Former St. Louisan Dean Schramm’s new film playing this week at Frontenac Cinema

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Bill Motchan, Special For The Jewish Light

Former St. Louisan Dean Schramm, who celebrated his bar mitzvah at United Hebrew Congregation, returned home last week for the opening of a film he produced, entitled “Viva Maestro!” at the Landmark Plaza Frontenac Cinema. The documentary follows Gustavo Dudamel, the Venezuelan conductor of the L.A. Philharmonic and Paris Opera.

When conductor Dudamel‘s international tours are canceled by deadly protests across his native Venezuela and he publicly criticizes the Maduro regime in the media, one of the world’s finest musicians faced a daunting set of challenges — from his commitment to the mentor who changed his life, to friends and musicians he’s led since his teens, and to his belief in art’s transformative capacity.

This documentary follows Dudamel around the world as he responds to unexpected and imposing obstacles with stirring music-making that celebrates the power of art to renew and unite.

The Jewish Light talked to Schramm about the film and his journey from Ladue Horton Watkins High School student to Hollywood.

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When you were growing up here and went to movies at Plaza Frontenac, did you ever think you might someday be back with your own film?

No, but I was in a quartet in high school. We used to play there every holiday season. So to come back there with not only a film that I produced, but a film about music is really wonderful.

You played violin as a high school student. Why did you choose such a difficult instrument?

At Reed Elementary School, there was a music program led by Lois Percival and Marilyn Humiston. And in the fourth grade, they played in a trio for the students, and I thought the violin sounded really wonderful. I came home and I asked my parents if I could play. What I didn’t know was that my father, who was a lawyer, had been a very fine violinist growing up in St. Louis.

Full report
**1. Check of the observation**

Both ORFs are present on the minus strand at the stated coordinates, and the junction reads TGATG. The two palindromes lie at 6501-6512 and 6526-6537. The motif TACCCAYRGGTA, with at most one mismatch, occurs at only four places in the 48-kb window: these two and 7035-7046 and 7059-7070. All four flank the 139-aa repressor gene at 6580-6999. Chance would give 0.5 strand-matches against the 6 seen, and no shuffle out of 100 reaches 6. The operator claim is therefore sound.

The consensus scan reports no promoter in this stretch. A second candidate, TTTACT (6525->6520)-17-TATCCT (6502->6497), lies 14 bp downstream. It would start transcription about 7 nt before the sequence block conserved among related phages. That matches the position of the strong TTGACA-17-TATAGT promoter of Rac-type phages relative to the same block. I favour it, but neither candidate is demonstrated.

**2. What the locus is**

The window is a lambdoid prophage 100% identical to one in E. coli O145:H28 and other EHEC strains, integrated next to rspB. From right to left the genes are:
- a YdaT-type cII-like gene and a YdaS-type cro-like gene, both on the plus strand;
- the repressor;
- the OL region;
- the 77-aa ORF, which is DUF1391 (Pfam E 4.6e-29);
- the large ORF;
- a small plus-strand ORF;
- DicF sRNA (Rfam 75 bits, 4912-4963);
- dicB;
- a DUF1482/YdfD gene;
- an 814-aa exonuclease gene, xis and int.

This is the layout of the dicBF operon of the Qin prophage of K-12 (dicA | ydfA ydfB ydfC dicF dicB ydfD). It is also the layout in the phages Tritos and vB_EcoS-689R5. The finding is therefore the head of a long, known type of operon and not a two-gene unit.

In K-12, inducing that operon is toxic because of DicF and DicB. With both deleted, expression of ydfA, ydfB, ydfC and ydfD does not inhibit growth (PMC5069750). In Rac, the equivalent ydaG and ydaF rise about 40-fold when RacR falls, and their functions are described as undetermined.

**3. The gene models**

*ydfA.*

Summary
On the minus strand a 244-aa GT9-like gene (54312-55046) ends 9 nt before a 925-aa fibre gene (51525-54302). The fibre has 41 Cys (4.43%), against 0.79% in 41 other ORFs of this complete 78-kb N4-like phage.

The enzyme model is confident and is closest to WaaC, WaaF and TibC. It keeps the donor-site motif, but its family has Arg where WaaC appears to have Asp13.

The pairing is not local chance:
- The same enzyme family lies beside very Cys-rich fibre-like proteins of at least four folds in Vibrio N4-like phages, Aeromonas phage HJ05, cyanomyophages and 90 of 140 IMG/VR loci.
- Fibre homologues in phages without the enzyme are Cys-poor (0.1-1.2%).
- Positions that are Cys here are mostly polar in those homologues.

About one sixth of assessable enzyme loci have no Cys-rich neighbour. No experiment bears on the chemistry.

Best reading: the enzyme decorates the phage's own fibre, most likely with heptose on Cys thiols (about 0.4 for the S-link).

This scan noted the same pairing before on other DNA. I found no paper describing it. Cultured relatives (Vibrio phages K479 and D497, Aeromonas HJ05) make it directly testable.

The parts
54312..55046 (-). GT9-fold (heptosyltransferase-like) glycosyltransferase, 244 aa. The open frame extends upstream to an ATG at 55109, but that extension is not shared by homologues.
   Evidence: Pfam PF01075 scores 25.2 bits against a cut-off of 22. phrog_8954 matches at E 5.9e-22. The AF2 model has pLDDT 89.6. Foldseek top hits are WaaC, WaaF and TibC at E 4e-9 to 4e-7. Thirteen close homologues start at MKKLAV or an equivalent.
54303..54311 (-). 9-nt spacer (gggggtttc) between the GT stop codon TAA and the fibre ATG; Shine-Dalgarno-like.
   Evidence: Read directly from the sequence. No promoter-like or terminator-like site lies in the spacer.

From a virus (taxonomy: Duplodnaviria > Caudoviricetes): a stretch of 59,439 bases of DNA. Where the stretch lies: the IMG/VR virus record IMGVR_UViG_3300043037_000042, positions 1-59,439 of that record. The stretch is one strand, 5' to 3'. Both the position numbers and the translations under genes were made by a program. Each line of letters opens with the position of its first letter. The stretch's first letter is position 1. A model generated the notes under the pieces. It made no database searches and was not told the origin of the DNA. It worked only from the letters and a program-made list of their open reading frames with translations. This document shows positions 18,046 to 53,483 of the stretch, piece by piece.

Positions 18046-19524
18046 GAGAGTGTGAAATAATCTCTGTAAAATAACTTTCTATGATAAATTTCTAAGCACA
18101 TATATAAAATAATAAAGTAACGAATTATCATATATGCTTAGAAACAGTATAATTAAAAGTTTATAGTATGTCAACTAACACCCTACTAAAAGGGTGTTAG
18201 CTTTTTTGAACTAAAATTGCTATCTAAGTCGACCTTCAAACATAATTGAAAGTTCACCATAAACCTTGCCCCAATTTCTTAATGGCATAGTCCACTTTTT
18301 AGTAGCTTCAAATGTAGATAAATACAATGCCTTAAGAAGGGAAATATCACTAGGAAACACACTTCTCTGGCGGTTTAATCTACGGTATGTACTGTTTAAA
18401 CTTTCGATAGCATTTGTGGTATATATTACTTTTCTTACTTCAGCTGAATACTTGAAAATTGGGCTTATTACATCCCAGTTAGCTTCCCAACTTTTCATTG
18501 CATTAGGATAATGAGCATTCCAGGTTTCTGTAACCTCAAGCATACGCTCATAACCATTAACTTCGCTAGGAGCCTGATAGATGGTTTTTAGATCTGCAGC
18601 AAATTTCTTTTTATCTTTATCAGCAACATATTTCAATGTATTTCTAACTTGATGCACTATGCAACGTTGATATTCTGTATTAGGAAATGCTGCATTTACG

How receptive was Gustavo Dudamel to having a camera documenting his work?

He was very generous with both his time and his tolerance for our cameras. When we shot the scenes of the orchestra rehearsals and concerts and especially the rehearsals, we had multiple cameras running.

What has the Maestro’s response been to your film?

He’s been very supportive and likes it very much. His whole DNA is about spreading the message of the transformative power of music.

Do you feel like music is a great equalizer, whether you’re a student in Ladue or Venezuela, that it’s important for kids to have an opportunity to play?

Absolutely. I feel so strongly about it that when I came to Los Angeles, I started a string program in the L.A. Best After School program, which serves 28,000 children every day in underserved communities.


Ticket information, showtimes, and additional information on Dean Schramm’s Q&A event after the April 23 showing of “Viva Maestro!” are available here.